Thanks to the Environmental Protection Agency, you can now eat more of Monsanto Company (NYSE:MON)‘s herbicide Roundup in your food.
Because there wasn’t anywhere near as much coverage as there was for President Obama signing into law the so-called “Monsanto Company (NYSE:MON) Protection Act” — which prohibits federal courts from halting the sale of genetically modified or engineered seeds — the decision by the regulatory agency to increase the acceptable level of pesticides permitted on food crops went through without much of a fight (though the EPA received nearly 11,000 public comments opposing the move).
What it means is that Roundup will become an even larger profit center for the chemicals giant. Monsanto Company (NYSE:MON)’s agricultural productivity segment generated $1.2 billion last quarter, driven primarily by sales of its glysophate-based herbicide Roundup to farmers and a smaller portion to consumers, which is handled by Scotts Miracle-Gro Co (NYSE:SMG). Sales have risen 24% over the first nine months of the fiscal year, only a small portion of which is because of higher prices.
Roundup remains the largest crop protection brand globally, and because it genetically modifies seeds to survive an application of the herbicide, Monsanto Company (NYSE:MON) has oriented the focus of its crop protection business to support Roundup Ready crops sold to farmers. Buy seeds that can withstand Roundup, sell more Roundup to spray on crops.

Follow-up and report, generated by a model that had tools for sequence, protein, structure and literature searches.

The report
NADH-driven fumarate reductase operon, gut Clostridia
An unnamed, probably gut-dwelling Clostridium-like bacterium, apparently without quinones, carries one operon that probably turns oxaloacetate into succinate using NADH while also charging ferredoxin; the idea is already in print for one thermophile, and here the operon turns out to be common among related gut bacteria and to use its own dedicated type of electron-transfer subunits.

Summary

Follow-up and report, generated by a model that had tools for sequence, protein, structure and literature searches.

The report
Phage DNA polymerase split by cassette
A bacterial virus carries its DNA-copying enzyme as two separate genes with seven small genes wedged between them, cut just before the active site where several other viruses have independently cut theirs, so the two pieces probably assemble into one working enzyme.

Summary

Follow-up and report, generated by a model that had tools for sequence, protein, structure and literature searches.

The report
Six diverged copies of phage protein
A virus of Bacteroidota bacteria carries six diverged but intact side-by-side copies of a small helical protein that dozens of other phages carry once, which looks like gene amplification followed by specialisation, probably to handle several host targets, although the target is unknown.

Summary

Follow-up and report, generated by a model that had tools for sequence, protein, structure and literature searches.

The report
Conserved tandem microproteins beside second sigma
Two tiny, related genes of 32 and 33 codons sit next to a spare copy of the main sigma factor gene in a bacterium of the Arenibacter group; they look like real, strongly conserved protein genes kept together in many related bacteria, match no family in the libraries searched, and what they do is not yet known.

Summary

A byproduct of this symbiotic relationship, though, is the creation of superweeds, weeds that have developed a tolerance to the herbicide and are spreading across farmland, impervious to man and machine. Because farmers who grow GM crops typically use 25% more herbicide, not less, than those who grow traditional seeds, the weeds are developing a thirst for it.
Yet it’s not just weeds that are growing resistant. Bugs, too, have become immune to the chemicals. Monsanto Company (NYSE:MON)’s GM corn, for example, was molecularly modified to kill pests like rootworm, but they’re making a comeback even as GM corn accounts for 86% of the country’s supply. Now we’ve got superinsects, too!
Just as Monsanto Company (NYSE:MON) is enjoying a surge in sales of Roundup, pesticide makers are witnessing greater sales of pesticides to combat these superbugs. Revenues at Sygenta rose 1.5% to $4.2 billion, FMC Corp (NYSE:FMC)‘s sales were 5% higher, and American Vanguard Corp. (NYSE:AVD)‘s surged 39% last quarter. The three companies account for three-quarters of all ground pesticides sold in the United States.
The greater use of pesticides may also be harming the honeybee population, as a nexus is being formed between colony collapse disorder and the role of neonicotinoids made by Syngenta, Bayer, and The Dow Chemical Company (NYSE:DOW) play.